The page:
Don’t Turn Over IRS Debt Collections to Private Contractors

By :: May 22nd, 2014

The latest example of why bipartisanship is not necessarily good: A bill proposed by senators Chuck Schumer (D-NY) and Pat Roberts (R-KN) to require the IRS to hire private debt collectors. The last time Congress made the IRS try this, the agency lost money. It was a terrible idea then and it is a terrible idea now.

Schumer and Roberts slipped the plan into the (now-stalled) Senate version of a measure aimed at restoring 50+ tax breaks that expired last December. A big reason it found its way into the bill: The congressional Joint Committee on Taxation reported it would generate $2.4 billion in extra revenue over 10 years.

As it happens, this is JCT’s estimate of the gross amount of new revenue the debt collectors would bring in. But after figuring administrative and other costs, the plan would likely end up in the red. When Congress forced the IRS to try this from 2006-2009, the net return on the investment was negative $17 million.

The idea has generated massive opposition from those who understand the tax collections business. IRS Commissioner John Koskinen panned it. So did Nina Olson, the agency’s taxpayer advocate. And on Tuesday, the independent IRS Oversight Board weighed in. The panel was nothing if not refreshingly candid:

The Board believes resurrecting and expanding the unfunded Private Debt Collection concept is a bad idea. The experiment has failed twice and there is nothing to lead us to believe it will not fail again. If Congress wishes to collect more tax revenue to shrink the budget deficit and the tax gap, it should reinstate the levels of funding for IRS collection programs with proven high returns on investment.

It isn’t just the money, of course. For many taxpayers, these private debt collectors would become the public face of the IRS. And I’m not sure they are quite the people who should be playing that role. The agency already must deal with incendiary congressional rhetoric about jack-booted thugs. Imagine the possibilities when the service has only limited ability to oversee private tax collectors who are working in its name—and on commission.

Of course, the agency could always put more resources into training and supervising these private firms. This, of course, would increase the program’s overhead.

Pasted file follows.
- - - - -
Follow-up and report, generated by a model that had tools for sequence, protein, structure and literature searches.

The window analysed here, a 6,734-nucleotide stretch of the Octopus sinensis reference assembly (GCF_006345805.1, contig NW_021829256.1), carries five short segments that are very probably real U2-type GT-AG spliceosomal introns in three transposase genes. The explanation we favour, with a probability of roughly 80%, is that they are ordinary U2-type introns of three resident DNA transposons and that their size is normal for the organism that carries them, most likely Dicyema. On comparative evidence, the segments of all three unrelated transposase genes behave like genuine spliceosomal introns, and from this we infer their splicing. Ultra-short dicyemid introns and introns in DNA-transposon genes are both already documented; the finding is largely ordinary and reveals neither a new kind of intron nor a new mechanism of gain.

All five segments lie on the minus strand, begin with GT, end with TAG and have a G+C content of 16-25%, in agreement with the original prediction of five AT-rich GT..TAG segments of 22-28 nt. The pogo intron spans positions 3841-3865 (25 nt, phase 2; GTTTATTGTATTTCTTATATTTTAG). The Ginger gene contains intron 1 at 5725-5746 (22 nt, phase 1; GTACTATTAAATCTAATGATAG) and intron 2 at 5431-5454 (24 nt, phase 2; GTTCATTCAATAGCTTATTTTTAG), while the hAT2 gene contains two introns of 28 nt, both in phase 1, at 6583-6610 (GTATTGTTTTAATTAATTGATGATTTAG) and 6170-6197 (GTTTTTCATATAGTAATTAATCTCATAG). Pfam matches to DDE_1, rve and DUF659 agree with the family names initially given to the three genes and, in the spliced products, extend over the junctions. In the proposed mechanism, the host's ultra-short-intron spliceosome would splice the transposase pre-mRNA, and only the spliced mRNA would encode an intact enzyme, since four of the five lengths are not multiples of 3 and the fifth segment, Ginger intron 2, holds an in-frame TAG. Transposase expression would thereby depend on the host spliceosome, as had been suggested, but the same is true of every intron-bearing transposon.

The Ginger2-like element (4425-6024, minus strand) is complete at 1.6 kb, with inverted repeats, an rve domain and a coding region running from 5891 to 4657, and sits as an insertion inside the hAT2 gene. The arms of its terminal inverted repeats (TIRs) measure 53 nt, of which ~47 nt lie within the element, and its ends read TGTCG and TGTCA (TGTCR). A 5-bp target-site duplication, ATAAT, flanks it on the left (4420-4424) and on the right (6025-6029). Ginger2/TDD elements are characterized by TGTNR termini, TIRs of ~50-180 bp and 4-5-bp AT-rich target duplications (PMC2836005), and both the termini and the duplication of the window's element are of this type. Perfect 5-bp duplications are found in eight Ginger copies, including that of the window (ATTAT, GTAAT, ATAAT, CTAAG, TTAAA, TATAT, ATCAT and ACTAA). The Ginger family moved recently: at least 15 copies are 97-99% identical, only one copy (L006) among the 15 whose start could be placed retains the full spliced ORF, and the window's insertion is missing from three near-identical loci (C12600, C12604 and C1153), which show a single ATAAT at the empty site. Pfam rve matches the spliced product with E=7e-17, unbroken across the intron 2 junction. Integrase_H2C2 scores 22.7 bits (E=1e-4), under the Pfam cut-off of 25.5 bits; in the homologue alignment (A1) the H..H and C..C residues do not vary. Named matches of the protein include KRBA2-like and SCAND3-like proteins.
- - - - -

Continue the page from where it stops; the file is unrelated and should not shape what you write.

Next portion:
In contrast to private contractors, IRS employees have both more clout and more flexibility when it comes to debt collections. They have the hammer, including the ability to impose liens and even seize personal assets. On the other hand, they can also cut deals with taxpayers by granting them partial or installment payment opportunities or even effectively forgiving debts by declaring them not collectible.

Privatization has been an on-gain off-again fad in Congress and the White House for years. And outcomes have sometimes been less than optimal. Contractors played major roles in the wars in Iraq and Afghanistan. They were deeply embedded in the NSA’s ambitious surveillance efforts (Ed Snowden was one). And, let us not forget, they built the technology backbone of the Affordable Care Act’s health exchanges.

I’m not suggesting government contractors are always incompetent or unreliable. Indeed, they have become an integral part of government and are far more effective at doing some tasks than federal or state employees. But based on past experience, it’s pretty clear that collecting taxes is not one of them.



  1. Michael Bindner  ::  3:42 am on May 23rd, 2014:

    The only roles I can see for private collectors are quicker response to taxpayer phone calls and the ability to use more sources to track down taxpayers who have moved or are hiding their addresses. If they are confined to those areas they can do best, it might not be a bad idea. They might also be a bit more effective in helping taxpayers in Chapter 13 (including doing things the lawyer might do, like calculating the interest on tax debt for the period of the Plan).

  2. Steve Ditore  ::  2:07 pm on May 23rd, 2014:

    More phony “privatization” scamming with, once again, a HIGHER price tag and LESS
    accountability. As the IRS Oversight Board clearly stated, this trick has FAILED twice, but
    some antediluvian Reaganomicists still insist on fobbing this fraud again. Utter waste of
    time and taxpayer money to even write the bill. Kill this one in committee, or trade it
    with some Teabagger for ditching some even more idiotic pseudo-legislation the nation
    needs even less.

  3. 2014 IRS TAX CREDITS FOR ENERGY EFFICIENCY  ::  9:16 pm on May 25th, 2014:

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